Saturday, November 28, 2015

Julian: When a Bratwurst Isn't Big Enough

Rock Island, March 1982

When I was a senior at Augustana, a freshman named Julian joined the radio station crew.  Bruce, by then the general manager, planned to assign him a job as news stringer, someone who picked up and adapted news stories from the wire.  But Julian's father, a VIP in Chicago politics, called his old friend President Treadway, and guess who became music director?

Suddenly 50% of our programming was classical music.

Julian was brash, sarcastic, elitist, demanding, and entitled.  But he immediately piqued my interest:

1. He was into classical music.

2. He was black  There were very few black guys at Augustana.

3. He was chubby.  There were even fewer chubby black guys.  The 1980s fashion was svelte.

4. And he was flamboyantly feminine, what we called a flamer back then. Obviously gay, though of course none of the straight guys at Augustana noticed.

I hadn't met any gay students at Augustana, just some guys who would accept a same-sex hookup as a last resort, if there were no girls around.  So I was determined to get into Julian's life, as a boyfriend, a hookup, a friend, something.



Unfortunately Julian didn't like me.  Not at all.

No matter how nice I was, he remained condescending, rude, arrogant, and abrasive.  When I asked him to get a slice of pizza at the Student Union, he gave me cool attitude and said "No, thanks awfully."

Offering to work the dead time of Saturday morning didn't impress him.

Befriending his friends didn't work.  He hung out exclusively with giggling co-eds.

How about introducing him to my friends?  One weekend I brought Brian over for a tour of the campus.  We toured the radio station while Julian was in the office.


He barely grunted.

Brian was very hot. Could Julian be straight?

I decided to throw caution to the wind.

You never came out in 1982 without extensive tests to see if the guy would attack, or tell the dean and expelled for being gay.

It was March of my senior year. To be expelled now would be devastating. But maybe I could come out without actually coming out.

So I waited again until Julian was alone in the office, sitting at his desk.  I dropped in on some pretense and said,  "So a lot of people think Brian and I are lovers, but of course that's ridiculous."


"Oh?"  I could hear Julian cogitating. Ridiculous because we're friends, or because I'm straight?

"Yeah, he's not my type at all."

More cogitating.  By talking about it so nonchalantly, I had proven myself ok about gay people.  And a life of constant pretense gets lonely.  I could tell the exact moment when Julian decided to make the leap.

"I don't know," he said, staring down at his desk.  "I thought he was quite attractive."

And just like that, he was out.

My turn!

"Not very big beneath the belt, but not everybody can have a baseball bat down there."   I made a show of trying to look down at Julian's basket.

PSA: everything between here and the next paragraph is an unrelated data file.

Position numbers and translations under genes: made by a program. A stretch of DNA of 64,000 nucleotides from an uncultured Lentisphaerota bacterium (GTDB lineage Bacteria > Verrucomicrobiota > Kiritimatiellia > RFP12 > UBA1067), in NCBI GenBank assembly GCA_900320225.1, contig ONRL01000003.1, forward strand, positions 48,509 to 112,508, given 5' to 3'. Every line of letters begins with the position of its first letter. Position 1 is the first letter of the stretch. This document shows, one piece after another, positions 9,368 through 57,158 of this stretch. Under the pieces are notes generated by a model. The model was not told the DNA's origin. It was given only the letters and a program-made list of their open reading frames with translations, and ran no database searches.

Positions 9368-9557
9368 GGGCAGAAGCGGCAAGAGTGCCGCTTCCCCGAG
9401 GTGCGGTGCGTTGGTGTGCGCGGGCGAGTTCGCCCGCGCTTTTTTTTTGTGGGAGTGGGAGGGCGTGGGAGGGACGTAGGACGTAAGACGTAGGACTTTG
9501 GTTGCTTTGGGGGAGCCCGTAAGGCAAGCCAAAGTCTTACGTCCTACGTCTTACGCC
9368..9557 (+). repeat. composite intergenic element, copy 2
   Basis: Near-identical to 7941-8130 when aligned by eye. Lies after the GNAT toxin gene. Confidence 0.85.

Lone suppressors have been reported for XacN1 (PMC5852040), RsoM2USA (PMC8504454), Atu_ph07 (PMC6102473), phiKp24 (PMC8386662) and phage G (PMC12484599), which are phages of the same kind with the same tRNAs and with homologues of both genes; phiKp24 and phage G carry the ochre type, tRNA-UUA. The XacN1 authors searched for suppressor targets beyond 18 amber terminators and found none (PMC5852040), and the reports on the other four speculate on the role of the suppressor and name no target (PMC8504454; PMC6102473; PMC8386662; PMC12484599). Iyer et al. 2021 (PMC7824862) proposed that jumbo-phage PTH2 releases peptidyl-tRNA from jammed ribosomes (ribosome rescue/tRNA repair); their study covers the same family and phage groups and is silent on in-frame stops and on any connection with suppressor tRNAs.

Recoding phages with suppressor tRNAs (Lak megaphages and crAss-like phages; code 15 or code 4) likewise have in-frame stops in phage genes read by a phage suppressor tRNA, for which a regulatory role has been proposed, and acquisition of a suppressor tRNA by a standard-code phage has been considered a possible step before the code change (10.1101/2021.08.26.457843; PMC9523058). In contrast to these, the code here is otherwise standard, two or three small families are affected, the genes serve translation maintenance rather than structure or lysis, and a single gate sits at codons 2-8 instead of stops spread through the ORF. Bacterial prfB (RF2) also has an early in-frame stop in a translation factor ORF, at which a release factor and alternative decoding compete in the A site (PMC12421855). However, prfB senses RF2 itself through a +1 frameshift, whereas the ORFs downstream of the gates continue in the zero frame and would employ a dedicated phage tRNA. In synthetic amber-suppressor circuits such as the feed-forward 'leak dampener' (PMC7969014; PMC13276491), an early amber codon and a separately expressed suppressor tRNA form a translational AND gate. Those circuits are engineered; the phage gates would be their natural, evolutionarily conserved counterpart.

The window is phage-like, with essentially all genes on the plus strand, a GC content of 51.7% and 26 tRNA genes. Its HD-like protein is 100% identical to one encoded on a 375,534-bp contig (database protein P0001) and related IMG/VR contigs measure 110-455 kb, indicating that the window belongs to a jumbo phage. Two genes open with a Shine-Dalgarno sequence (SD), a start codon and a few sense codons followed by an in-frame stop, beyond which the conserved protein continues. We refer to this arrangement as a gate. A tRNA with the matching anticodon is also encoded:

And just like that, I was out.

That Friday night we had dinner at O'Melia's (now it's Jake O's), a fancy eatery on Black Hawk Road,.

"I'm sort of nervous," Julian told me.  "I've never been on a date with a guy before.  I was asked out a few times in high school, but I said no.  I was worried about the erotic activity afterwards."

"Why?" I asked.  "Afraid you would feel guilty afterwards?"

"It's not that.  Well -- you've seen me.  Imagine me naked."

"I've been doing that all semester," I said with a grin.

He looked down at his menu.  "You're just being nice, but you know I'm gigantic where I should be small, and teen-tiny where I should be big.  I'm like one of those mythological beasts."

What did I ahve to do to boost this guy's confidence?  I tried a dirty joke: "Oh, you mean a unicorn?  Can I see your horn?"



After dinner we went back to the dorm, where Julian's roommate was gone for the weekend.  We turned on his stereo -- Beethoven's Symphony #7 -- sat down on the bed, and started kissing and groping.

Soon I had a chance to examine his beneath-the-belt gifts in detail.  Bigger than most, at least a Bratwurst, maybe even a Bratwurst+.

This was what he was concerned about?  So concerned that he turned down dates in high school, and came to college with a cynical, abrasive shell?

We only dated that one time, but we stayed friends until I graduated and he went back to Chicago for the summer.

See also: My Top Black Boyfriends and Hookups; 13 Gay College Boys.

The Beach Boy and the Giant, Part 1

Wilton Manors
Saturday, September 21st, 2002

A Saturday morning during my second year in Florida.  We're all sitting at breakfast, when my housemate Barney abruptly announces that he plans to go to a bathhouse.

Yuri and I hide behind cereal boxes to hide our shock. Barney is a former bodybuilder who runs a mostly-gay gym.  He lives a scrupulously healthy lifestyle: low-fat diet, daily exercise, meditation, herbal supplements.  And, after he lost his partner to AIDS three years ago, no hookups.

He dates, of course, and occasionally he invites us into his bed to "share," but he would never dream of casual sex.

"Are you ok?" Yuri asks.  "I don't think you liked bathhouses."

"Well, I haven't been to one for ages.  But think about it -- I'm 61 years old, I have Cute Young Things clamoring to get into my bed all the time, but all the guys my age are taken or not interested.  I figure the bathhouse is my best place to find someone my age.

"You know it's mostly for anonymous sex, right?" I say, dubious.

"But you often make a date with the guy afterwards.  At least, you did in my day."

"Well...do you want us to go with you, show you the ropes?"